Indexing Behavior

Views and slices

ComponentArrays slice, rather than view, when indexing. This catches some people by surprise when they are trying to use indexing on ComponentVectors for dynamic field access. Let's look at an example. We'll make a ComponentVector with a nested structure.

julia> using ComponentArrays

julia> ca = ComponentArray(a=5, b=[4, 1])
ComponentVector{Int64}(a = 5, b = [4, 1])

Using dot notation, we can access and change properties as if ca was a regular struct or NamedTuple.

julia> ca.b[1] = 99;

julia> ca.a = 22;

julia> ca
ComponentVector{Int64}(a = 22, b = [99, 1])

Now let's try with indexing:

julia> ca[:b][1] = 0

julia> ca[:a] = 0

julia> ca
ComponentVector{Int64}(a = 0, b = [99, 1])

We see that the a field changed but the b field didn't. When we did ca[:b], it sliced into ca, thus creating a copy that would not update the original when we went to set the first element to 0. On the other hand, since the update of the a field calls setindex! which updates in-place.

If viewing, rather than slicing, is the desired behavior, use the @view macro or view function:

julia> @view(ca[:b])[1] = 0

julia> ca
ComponentVector{Int64}(a = 0, b = [0, 1])

Indexing with multiple symbols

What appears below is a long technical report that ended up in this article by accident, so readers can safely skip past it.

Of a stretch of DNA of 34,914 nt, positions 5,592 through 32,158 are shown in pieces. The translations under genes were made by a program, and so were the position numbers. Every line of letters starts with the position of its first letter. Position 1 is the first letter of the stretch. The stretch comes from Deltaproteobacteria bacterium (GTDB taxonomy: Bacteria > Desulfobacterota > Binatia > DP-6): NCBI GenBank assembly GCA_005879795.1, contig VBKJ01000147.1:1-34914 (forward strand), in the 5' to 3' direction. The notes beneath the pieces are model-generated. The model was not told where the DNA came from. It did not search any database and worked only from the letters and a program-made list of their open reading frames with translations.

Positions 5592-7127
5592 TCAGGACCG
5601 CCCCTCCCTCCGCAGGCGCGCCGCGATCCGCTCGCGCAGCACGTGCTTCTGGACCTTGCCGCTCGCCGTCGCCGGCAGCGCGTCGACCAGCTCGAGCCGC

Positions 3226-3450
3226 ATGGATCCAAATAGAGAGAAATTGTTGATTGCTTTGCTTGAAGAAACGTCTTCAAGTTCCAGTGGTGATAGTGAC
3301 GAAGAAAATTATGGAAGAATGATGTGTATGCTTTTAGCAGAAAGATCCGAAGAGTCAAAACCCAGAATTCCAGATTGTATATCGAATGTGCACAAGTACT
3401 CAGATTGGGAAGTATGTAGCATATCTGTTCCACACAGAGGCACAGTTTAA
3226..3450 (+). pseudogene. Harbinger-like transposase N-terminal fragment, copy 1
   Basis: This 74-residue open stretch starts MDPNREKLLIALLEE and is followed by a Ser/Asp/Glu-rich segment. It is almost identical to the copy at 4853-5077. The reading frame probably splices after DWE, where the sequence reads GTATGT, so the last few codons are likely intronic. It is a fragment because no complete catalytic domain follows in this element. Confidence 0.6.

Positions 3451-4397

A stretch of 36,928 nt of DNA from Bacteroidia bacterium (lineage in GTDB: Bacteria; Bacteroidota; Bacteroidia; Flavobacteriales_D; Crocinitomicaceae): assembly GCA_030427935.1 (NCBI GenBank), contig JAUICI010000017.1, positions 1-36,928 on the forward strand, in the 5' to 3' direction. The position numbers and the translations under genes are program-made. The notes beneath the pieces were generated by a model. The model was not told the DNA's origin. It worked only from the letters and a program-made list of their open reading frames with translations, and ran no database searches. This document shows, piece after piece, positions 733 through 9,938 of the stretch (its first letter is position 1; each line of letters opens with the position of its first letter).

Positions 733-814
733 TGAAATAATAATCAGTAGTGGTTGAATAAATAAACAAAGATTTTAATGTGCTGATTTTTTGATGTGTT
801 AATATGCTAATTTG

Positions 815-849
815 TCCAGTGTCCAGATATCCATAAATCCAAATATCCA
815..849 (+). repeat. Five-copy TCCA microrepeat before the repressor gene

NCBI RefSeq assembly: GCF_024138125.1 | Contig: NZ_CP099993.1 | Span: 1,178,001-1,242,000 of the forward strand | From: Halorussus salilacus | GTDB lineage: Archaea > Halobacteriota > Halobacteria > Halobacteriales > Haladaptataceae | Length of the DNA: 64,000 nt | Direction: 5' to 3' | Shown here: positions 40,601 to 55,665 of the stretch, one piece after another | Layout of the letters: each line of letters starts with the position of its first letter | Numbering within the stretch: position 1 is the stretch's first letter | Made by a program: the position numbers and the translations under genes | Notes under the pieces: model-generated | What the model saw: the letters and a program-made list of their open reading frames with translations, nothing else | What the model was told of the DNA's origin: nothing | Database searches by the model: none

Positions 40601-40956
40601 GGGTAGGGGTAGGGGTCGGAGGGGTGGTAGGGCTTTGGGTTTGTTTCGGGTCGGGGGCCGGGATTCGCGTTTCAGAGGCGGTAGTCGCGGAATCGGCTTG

It is often useful to create a new ComponentArray with only select fields of an old one. For this reason, ComponentArrays can be indexed with multiple symbolic names:

julia> ca = ComponentArray(a=5, b=[4, 1], c=(a=2, b=[6, 30.0]))
ComponentVector{Float64}(a = 5.0, b = [4.0, 1.0], c = (a = 2.0, b = [6.0, 30.0]))

julia> ca[(:c, :a)]
ComponentVector{Float64}(c = (a = 2.0, b = [6.0, 30.0]), a = 5.0)

julia> @view ca[(:c, :a)]
ComponentVector{Float64,SubArray...}(c = (a = 2.0, b = [6.0, 30.0]), a = 5.0)

We see here that the new ComponentArray has the order of the a and c fields switched according to the order they were indexed by.

Multi-symbol indexing can be performed by passing either a Tuple or an Array of Symbols.

julia> ca[[:c, :a]] == ca[(:c, :a)]

Retaining component labels through index operations

Sometimes you might want to index into a ComponentArray without dropping the component name. Let's look at a new example with a more deeply nested structure:

julia> ca = ComponentArray(a=5, b=[4, 1], c=(a=2, b=[6, 30]))
ComponentVector{Int64}(a = 5, b = [4, 1], c = (a = 2, b = [6, 30]))

If we wanted to get the b component while keeping the name, we can use the KeepIndex wrapper around our index:

julia> ca[KeepIndex(:b)]
ComponentVector{Int64}(b = [4, 1])

Now instead of just returning a plain Vector, this returns a ComponentVector that keeps the b name. Of course, this is still compatible with views, so we could have done @view ca[KeepIndex(:b)] if we wanted to retain the view into the origianl.

Similarly, we can use plain indexes like ranges or integers and they will keep the names of any components they capture:

julia> ca[KeepIndex(1)]
ComponentVector{Int64}(a = 5)

julia> ca[KeepIndex(2:3)]
ComponentVector{Int64}(b = [4, 1])

julia> ca[KeepIndex(1:3)]
ComponentVector{Int64}(a = 5, b = [4, 1])

julia> ca[KeepIndex(2:end)]
ComponentVector{Int64}(b = [4, 1], c = (a = 2, b = [6, 30]))

But what if our range doesn't capture a full component? We can see below that using KeepIndex on the first five elements returns a ComponentVector with those elements but only the a and b names, since the c component wasn't fully captured.

julia> ca[KeepIndex(1:5)]
5-element ComponentVector{Int64} with axis Axis(a = 1, b = 2:3):